***IMPORTANT NOTICE TO OUR VALUED
comply with the U.S. Supreme Court ruling in the Granholm case the
legislature must amend the Liquor Code. For those of you who are
unfamiliar, in the Granholm case, the United States Supreme Court held
that it is unconstitutional to prohibit shipment of wine direct to the
consumer across state lines. In essence it is discriminatory to
prohibit a winery from New York to ship wine to a customer in Pennsylvania
when a Pennsylvania winery can ship to customers in Pennsylvania.
Therefore, state legislatures across the United States are now grappling
with amendments to their state Liquor Codes so as to comply with the
Supreme Court ruling.
is the case with the Pennsylvania legislature. The Bill includes a
number of amendments to the present Pennsylvania Liquor Code that could be
potentially devastating to the Pennsylvania Wine Industry. A few of
the key provisions include:
- Prohibition of direct shipment to
customers (no direct shipment or delivery to licensees or
non-licensees unless done through the state store system)
- Dropping the size of a “limited
winery” (limiting the ability of wineries to grow)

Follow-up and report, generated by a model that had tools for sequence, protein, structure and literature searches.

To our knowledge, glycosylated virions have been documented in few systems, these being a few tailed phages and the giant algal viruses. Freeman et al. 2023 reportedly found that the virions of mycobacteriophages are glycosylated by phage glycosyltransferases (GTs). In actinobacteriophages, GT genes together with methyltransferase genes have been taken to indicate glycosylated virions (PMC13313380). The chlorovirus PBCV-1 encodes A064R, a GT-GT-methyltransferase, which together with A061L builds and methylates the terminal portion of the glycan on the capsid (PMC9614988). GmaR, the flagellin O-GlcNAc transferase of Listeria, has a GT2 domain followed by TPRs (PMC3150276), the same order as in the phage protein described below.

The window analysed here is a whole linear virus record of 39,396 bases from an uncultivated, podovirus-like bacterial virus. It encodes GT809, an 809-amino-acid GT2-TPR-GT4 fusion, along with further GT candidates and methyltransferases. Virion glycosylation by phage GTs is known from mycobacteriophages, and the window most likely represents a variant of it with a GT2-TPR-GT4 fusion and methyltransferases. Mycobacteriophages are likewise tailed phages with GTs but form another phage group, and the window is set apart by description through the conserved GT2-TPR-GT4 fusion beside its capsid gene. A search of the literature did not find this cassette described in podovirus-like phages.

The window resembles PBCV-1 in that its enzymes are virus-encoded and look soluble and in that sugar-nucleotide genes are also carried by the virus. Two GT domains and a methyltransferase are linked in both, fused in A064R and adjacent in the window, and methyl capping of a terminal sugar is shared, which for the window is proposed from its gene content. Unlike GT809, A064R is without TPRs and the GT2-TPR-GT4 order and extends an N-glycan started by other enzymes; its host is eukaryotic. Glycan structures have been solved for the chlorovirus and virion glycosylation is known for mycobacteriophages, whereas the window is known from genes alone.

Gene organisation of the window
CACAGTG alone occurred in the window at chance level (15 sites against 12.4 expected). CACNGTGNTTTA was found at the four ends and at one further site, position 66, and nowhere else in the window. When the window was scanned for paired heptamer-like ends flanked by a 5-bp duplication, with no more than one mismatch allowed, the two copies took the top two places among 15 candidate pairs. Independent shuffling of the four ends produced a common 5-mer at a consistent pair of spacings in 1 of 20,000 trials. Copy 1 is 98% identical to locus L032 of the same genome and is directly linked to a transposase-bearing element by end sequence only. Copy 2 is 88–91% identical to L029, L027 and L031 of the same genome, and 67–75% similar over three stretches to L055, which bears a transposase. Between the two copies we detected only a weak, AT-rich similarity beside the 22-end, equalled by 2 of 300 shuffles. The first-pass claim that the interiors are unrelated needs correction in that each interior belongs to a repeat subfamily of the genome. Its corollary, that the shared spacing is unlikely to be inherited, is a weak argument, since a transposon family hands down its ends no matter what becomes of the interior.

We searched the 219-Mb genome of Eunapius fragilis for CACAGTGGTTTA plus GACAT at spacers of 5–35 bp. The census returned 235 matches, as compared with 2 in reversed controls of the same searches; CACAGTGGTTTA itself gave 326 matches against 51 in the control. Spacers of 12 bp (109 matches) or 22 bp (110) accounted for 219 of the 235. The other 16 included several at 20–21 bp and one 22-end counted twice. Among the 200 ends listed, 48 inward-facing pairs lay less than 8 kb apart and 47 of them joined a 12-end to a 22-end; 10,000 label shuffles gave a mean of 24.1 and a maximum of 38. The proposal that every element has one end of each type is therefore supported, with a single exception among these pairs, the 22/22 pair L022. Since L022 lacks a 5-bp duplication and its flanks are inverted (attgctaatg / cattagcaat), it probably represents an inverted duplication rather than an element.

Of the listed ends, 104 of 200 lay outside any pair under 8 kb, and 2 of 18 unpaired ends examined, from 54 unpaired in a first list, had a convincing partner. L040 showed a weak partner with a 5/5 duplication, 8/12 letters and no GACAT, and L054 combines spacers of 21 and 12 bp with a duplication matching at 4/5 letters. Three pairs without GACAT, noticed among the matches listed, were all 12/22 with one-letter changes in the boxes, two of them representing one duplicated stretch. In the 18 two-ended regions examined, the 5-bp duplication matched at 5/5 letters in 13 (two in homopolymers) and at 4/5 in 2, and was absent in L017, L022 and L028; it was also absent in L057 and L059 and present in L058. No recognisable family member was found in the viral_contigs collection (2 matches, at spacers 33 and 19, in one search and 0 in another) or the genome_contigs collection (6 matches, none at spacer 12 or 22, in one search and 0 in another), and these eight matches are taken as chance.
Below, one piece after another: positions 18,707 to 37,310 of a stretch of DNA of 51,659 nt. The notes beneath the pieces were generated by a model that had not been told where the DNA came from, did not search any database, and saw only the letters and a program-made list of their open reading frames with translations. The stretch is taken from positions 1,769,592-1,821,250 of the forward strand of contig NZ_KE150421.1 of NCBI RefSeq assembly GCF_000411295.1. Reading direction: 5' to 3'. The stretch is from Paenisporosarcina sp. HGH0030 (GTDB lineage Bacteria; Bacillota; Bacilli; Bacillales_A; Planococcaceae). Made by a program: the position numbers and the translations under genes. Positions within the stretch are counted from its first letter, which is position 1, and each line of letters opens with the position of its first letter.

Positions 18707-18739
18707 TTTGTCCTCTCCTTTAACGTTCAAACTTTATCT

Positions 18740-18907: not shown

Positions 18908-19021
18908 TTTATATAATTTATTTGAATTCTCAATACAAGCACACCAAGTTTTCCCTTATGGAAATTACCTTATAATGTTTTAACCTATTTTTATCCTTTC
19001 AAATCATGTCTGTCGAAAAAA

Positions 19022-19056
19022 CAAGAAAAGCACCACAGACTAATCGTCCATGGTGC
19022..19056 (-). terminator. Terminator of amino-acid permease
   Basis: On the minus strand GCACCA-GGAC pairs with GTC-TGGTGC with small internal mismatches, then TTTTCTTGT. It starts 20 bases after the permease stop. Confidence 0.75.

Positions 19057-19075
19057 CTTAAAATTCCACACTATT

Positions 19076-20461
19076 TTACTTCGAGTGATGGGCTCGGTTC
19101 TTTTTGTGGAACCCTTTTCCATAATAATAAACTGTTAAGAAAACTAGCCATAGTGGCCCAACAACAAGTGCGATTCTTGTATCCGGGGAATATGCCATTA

- Prohibition of co-op satellites with
other wineries (Prohibiting two or more small wineries to band
together to open up satellite stores as a means for new avenues to
sell their product)
upon reading the bill, one may think, “How can the State prohibit
wineries from shipping direct to the consumer when the Supreme Court found
the practice to be unconstitutional?”. Good question. The
answer is that the Supreme Court did not find it unconstitutional to
prohibit direct shipment. The Supreme Court held only that it is
discriminatory to allow preferences to in state wineries that are not
enjoyed by out of state wineries. One solution to that problem is to
prohibit shipment direct to consumers all together. This is a
practice called “leveling down” and it is already happening in some
plain truth is that the Pennsylvania Wine Industry is being threatened.
Large liquor wholesalers are trying to seize the moment by persuading
state legislatures to “level down” so that they will be the only
avenue through which wineries can sell their product. What do the
wholesalers have on their side? Money, time, and influence.
Wholesalers do not invest a dime into production, equipment, labor, or
agriculture. They just buy and sell product as a commodity.
They are not invested in the growth of an industry.
There are currently 111 wineries in Pennsylvania, the vast majority
of which are small, family owned farm wineries that will be the most
severely hit by this piece of legislation.
is why we need your help. We ask that you contact your local
congressperson and voice your opposition to House Bill 2450. In this
day and age it may seem futile to call your representative but it truly
makes a difference. If you are not sure who you legislator is please
go to www.legis.state.pa.us
and find them. We will need all the help we can get.